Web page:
Best Practices for the Enterprise (Part 1)


Welcome to my Enterprise Best Practices Blog. My name is Neil Danilowicz, and I am a Principal Architect for Versa Networks. Over the next few months, I will delve into best practices for Enterprises as they begin their journey into Software Defined Networking, especially Software Defined Wide Area Networking (SD-WAN).

Today, security is a boardroom topic and on the forefront of every large enterprise. From the recent security breaches at Yahoo, Target, and Equifax, there is broad awareness of how a slip in security can damage the brand and tarnish what took years to build. With digital transformation, embracing multi-cloud/SaaS and mobility creates additional threat vectors that an enterprise must consider in their security framework.

Let’s face the facts. The attack vectors are ever changing, and the hackers (threat actors) are becoming more sophisticated and better equipped. Therefore, the question is not “If the network is going to be breached or compromised?”, the question is “When will the enterprise be breached, and how well can the attack be contained to mitigate damage to the enterprise brand?”
Just like you protect your home with locks at the front door but also protect key valuables inside the home with safes — in an enterprise, security is needed not just for the protection of the perimeter; it’s also needed for internal data, intellectual property and customer data.

Enterprises in certain verticals need to satisfy many regulations such as PCI, HIPPA, SOX, or other Federal regulations, which often requires proof that the enterprise is impervious to various attacks (DDoS, malware, viruses, or industrial espionage).
The transition to multi-cloud/SaaS and mobility is enabling business agility. As enterprises embrace these transitions, they must transform their wide area network with SD-WAN, and security needs to be at the forefront. Enterprises should consider the following the building blocks for deploying a Secure Network:

  • Certificate based access control
  • Threat management platform
  • Encrypted communications
    • Key management
    • Key negotiation
    • Encryption algorithms
    • Key lengths
    • Certificates
  • Multiple firewall capabilities
    • Define a secure network perimeter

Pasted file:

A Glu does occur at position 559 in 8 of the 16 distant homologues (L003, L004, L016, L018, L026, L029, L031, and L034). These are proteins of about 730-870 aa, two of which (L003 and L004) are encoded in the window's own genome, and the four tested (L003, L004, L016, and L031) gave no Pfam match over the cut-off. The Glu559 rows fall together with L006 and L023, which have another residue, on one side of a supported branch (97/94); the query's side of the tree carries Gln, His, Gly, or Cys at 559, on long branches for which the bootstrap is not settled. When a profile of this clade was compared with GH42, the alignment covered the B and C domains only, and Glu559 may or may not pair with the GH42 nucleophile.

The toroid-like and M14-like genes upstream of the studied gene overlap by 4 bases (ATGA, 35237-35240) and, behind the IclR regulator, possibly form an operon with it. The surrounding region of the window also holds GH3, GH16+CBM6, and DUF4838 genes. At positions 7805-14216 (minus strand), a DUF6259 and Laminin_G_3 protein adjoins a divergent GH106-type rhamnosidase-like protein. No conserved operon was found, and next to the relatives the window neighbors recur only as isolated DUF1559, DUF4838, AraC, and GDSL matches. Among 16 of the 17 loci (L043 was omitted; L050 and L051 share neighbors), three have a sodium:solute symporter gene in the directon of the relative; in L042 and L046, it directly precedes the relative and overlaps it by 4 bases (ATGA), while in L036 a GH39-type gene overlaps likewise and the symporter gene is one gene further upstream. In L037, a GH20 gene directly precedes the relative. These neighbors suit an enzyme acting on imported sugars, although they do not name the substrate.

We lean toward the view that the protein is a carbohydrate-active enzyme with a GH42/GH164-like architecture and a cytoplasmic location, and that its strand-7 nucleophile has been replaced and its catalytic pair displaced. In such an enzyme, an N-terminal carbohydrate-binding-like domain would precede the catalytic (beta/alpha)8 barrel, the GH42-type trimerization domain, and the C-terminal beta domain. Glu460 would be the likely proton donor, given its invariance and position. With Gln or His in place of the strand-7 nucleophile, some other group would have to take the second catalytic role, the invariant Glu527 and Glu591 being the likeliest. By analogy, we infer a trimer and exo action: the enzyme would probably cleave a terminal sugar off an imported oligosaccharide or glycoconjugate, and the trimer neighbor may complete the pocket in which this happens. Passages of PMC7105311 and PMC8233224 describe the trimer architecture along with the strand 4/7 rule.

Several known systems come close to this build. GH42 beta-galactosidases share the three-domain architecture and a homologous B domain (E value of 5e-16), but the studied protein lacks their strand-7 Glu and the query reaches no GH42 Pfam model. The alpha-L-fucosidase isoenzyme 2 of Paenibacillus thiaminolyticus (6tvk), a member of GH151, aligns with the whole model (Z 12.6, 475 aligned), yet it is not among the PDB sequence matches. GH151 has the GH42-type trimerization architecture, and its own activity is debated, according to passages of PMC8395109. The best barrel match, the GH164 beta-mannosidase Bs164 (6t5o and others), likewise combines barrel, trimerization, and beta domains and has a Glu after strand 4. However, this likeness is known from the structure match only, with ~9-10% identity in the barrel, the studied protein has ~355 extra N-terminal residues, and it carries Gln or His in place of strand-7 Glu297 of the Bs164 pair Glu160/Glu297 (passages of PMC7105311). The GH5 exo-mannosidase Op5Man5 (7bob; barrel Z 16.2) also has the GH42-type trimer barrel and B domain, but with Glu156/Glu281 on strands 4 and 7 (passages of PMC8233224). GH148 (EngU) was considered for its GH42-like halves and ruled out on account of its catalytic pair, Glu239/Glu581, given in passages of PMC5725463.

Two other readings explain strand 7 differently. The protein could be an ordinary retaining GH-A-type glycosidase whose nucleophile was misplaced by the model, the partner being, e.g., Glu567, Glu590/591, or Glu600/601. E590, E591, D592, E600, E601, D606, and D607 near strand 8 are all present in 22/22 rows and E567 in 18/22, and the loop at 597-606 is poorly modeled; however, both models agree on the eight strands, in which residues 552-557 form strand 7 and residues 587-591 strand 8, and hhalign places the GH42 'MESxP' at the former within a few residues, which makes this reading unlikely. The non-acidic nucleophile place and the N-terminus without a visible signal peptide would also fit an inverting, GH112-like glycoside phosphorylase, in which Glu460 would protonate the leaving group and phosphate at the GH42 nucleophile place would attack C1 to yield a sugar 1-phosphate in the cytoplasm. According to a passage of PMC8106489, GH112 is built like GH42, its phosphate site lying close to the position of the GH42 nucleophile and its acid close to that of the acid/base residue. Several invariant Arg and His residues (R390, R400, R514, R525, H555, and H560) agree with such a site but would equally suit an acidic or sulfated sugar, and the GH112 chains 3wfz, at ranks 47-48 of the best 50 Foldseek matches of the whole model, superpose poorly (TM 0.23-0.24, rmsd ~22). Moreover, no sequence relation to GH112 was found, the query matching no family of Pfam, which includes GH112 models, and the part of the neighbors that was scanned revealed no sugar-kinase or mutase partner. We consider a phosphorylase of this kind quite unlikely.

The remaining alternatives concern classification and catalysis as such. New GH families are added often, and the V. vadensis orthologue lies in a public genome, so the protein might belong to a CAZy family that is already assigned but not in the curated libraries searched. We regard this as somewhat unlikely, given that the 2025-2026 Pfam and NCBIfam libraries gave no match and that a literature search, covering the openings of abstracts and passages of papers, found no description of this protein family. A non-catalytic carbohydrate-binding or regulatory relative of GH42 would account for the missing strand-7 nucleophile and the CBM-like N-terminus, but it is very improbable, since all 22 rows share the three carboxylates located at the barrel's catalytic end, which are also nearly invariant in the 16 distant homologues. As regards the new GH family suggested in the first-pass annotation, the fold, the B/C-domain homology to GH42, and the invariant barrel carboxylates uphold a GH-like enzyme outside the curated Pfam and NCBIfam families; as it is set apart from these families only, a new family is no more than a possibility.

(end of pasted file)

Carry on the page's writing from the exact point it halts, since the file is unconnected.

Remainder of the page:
• Log access attempts
  • Multi-tenancy
  • Micro-segmentation
  • Threat detection
  • Threat prevention
  • Segregated Control and Data Planes
  • Multi-tiered Role Based Access Control (RBAC)
  • Multi-tiered Control Plane
  • Full Visibility
    • Extensive logs
    • Flow data
    • Action records
    • Violation notifications
    • Black listing
  • Predictive Analysis

While most of these items individually provide a layer of protection, a multi-layer approach is needed for an effective architecture that is scalable and safe while also being simple to deploy and manage.
For ultimate protection, secure networks utilize a multi-tiered architecture where multiple checks, authentications and authorizations are required to gain access to the internal network. Typically, in this design, critical data is not stored or accessible directly from the demilitarized zone (DMZ).

Cloud-based services and SaaS providers are all the rage these days, but to provide optimal user experience, enterprises must distribute their security perimeter and provide direct Internet access (DIA) at multiple sites for a faster on-ramp to these cloud services.  Additionally, using Internet for site-to-site connectivity (instead of or in addition to private circuits like MPLS or PIP) puts an Internet connection at every site in the network. In this distributed environment, an enterprise must now protect the company network from an increased threat surface.  While most vendors will offer a bolt-on security framework, it does not fully address the needs and an enterprise needs to be aware of the Secure Tiered Architecture.

Buyer Beware